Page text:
God wants us to know that life is a series of beginnings, not endings. Just as graduations are not terminations, but commencements. Creation is an ongoing process, and when we create a perfect world where love and compassion are shared by all, suffering will cease. — Bernie Siegel
It is the spirituality of creation—our affinity, our care, for the rest of creation—that really stretches us to the wholeness of ourselves and to the wholeness of God, as well.
Only when we see ourselves, humans, as part of creation, rather than as the crown of creation, will we ever be able to come anywhere close to really grasping the greatness of God and God’s gifts to us. Only then will we begin to see the glowing face of God everywhere. Only then will we begin to understand that we are all meant to come to fullness of life together—plants, animals, planet, and humans in one great reciprocal circle of a common creation. Until we do, all of us will go on living life with spiritual blinders.
What we do not do to save the whole of creation will shrink our own spiritual vision and separate us, starved and emaciated in soul, from the wholeness of life. We will look at forests and, like the loggers destroying the rain forests on this earth, fail to see the living gift of them. We will take for granted the devotion of our pets and fail to recognize that real human relationships are about more than sex or social comfort or authority. We will watch our children grow up in cement jungles, denied the right to plant tomatoes or the wonder of picking flowers. We will find innocent enemies and set out to destroy them rather than protect them as sisters and brothers and make them our friends.
What we do to the rest of creation we do to ourselves. What we destroy in the rest of creation makes it even easier to destroy in our own.
But God sees the despoliation of all that is “good” and comes closer to those who are its saviors. And therein lies the secret of both the quality of our “dedication” and the depth of our relationship with God. Why? Because it’s profitable to steward the world well? No. Because it is holy to care for the world as God cares for the world. Because co-creation is the task of being human.— Joan Chittister, from The Monastic Way
Yet even now, says the Lord, return to me with all your heart, with fasting, with weeping, and with mourning; rend your hearts and not your clothing. Return to the Lord your God, for God is gracious and merciful, slow to anger, abounding in steadfast love…
WED, Feb 22
- ASHES to GO
- 8-10am: JTown Deli
- 10:15-11:30am: Autumn Nomad
- Noon-1:30pm: Glen Ledge Deli / McSheffreys North
- 2-3:45pm: JCC Sanctuary
- 4-4:30pm: Red Parka
- ASH WEDNESDAY SERVICE
- 7pm • Nativity Lutheran, North Conway
JCC attends Lutheran service to enjoy local clergy John Heropoulos , MDiv lead the liturgy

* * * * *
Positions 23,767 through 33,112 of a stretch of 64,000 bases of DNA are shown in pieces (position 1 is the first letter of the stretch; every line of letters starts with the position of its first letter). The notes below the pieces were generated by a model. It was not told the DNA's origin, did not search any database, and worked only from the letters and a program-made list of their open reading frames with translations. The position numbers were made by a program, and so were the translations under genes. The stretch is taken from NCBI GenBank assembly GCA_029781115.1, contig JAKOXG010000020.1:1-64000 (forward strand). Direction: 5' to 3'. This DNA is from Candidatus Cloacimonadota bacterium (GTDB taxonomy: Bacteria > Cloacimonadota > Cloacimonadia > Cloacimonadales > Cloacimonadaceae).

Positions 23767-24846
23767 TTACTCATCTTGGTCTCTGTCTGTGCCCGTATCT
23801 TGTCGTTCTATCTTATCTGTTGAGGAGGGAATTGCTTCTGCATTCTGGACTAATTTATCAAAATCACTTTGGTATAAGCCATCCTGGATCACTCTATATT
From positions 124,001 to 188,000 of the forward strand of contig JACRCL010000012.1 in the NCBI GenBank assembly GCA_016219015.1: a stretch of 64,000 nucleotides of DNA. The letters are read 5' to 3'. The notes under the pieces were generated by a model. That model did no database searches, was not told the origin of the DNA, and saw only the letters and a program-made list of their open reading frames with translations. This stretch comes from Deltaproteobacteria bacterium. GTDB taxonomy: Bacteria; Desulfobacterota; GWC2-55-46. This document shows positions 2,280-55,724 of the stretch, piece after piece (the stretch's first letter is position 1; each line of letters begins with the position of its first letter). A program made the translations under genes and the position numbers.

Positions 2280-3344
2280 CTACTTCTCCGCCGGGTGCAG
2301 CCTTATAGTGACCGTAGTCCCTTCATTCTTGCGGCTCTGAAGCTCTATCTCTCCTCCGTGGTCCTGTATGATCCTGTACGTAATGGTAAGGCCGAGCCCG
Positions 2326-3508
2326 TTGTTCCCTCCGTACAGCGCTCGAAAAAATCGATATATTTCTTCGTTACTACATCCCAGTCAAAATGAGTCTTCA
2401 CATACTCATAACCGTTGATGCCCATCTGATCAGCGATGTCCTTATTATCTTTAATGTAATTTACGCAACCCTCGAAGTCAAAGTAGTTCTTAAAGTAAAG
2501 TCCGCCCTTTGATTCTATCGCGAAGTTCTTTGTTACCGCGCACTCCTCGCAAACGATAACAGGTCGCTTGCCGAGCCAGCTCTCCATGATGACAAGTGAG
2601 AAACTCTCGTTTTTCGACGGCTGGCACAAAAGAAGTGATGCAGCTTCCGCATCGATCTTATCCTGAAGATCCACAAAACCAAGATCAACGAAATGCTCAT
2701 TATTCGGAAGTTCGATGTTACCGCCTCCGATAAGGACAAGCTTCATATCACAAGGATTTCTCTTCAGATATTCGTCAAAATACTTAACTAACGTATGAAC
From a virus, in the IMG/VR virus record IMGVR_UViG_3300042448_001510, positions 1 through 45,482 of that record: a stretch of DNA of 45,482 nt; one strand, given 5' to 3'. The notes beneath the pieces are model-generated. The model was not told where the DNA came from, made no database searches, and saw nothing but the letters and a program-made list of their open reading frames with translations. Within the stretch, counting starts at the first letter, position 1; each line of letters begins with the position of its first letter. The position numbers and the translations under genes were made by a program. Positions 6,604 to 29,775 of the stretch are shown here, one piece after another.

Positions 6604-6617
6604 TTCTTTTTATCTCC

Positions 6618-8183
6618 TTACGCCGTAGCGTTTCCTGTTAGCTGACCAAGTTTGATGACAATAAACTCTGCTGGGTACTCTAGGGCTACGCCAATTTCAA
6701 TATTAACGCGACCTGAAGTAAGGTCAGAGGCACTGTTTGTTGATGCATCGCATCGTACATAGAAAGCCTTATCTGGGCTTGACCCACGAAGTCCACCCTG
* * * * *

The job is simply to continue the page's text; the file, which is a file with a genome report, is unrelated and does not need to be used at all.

- 7pm • Nativity Lutheran, North Conway
MUSINGS on ASH
If you have become ash,
Then wait, you become a rose again.
And do not remember how often you have become ash,
But how often you were reborn in ashes to a new rose. ~ Rumi
I can hear the sizzle of newborn stars, and know anything of meaning, of the fierce magic emerging here. I am witness to flexible eternity, the evolving past, and I know we will live forever, as dust or breath in the face of stars, in the shifting pattern of winds. — Joy Harjo
SONGS about DUST & ASHES:
- Ashes by Celine Dion (pop):https://youtu.be/CX11yw6YL1w
- Dust In the Wind by Kansas (rock): https://youtu.be/tH2w6Oxx0kQ
- Ashes to Ashes by David Bowie (rock): https://youtu.be/HyMm4rJemtI
- Glimmer in the Dust by Hillsong (Christian): https://youtu.be/bYWgeEoVmhI
- Dust by Eli Young Band (pop): https://youtu.be/QN5QgYuuxs4
- Another One Bites the Dust by Queen (rock): https://youtu.be/rY0WxgSXdEE
- Dust by Steffany Gretzinger (Christian): https://youtu.be/yBJXMX8vti4
- Devils & Dust by Bruce Springsteen (rock): https://youtu.be/cG8ZQkeZvzc
- Ashes By Now by EmmyLou Harris (country): https://youtu.be/eSMqF8EtUsA
- Dirt to Dust by David Aldean (country): https://youtu.be/iaPHIcebF8I
- Ashes by Embrace (pop): https://youtu.be/EtQ9l0oQmXE
- Ashes by Meghan Trainor (pop): https://youtu.be/uwKg4pCRQfw
- Take These Ashes by Sarah Hart (Christian): https://youtu.be/QKQjYYtUZLY
WILL YOU MEET US? — Jan Richardson
Will you meet us in the ashes,
will you meet us in the ache
and show your face within our sorrow
and offer us your word of grace:
That you are life within the dying,
that you abide within the dust,
that you are what survives the burning,
that you arise to make us new.
And in our aching, you are breathing;
and in our weeping, you are here
within the hands that bear your blessing,
enfolding us within your love.
REND Your HEART
To receive this blessing, all you have to do
is let your heart break.
Let it crack open.
Let it fall apart / so that you can see
its secret chambers, the hidden spaces
where you have hesitated / to go.
Your entire life
is here, inscribed whole
upon your heart’s walls:
every path taken
or left behind,
every face you turned toward
or turned away,
every word spoken in love
or in rage,
every line of your life
you would prefer to leave
every story that shimmers
with treasures known
and those you have yet
It could take you days
to wander these rooms.
Forty, at least.
And so let this be
a season for wandering,
for trusting the breaking,
for tracing the rupture
that will return you
to the One who waits,
who works within
to make your heart
MARKED by ASHES (excerpt) — Walter Brueggeman
Ruler of the Night, Guarantor of the day . . .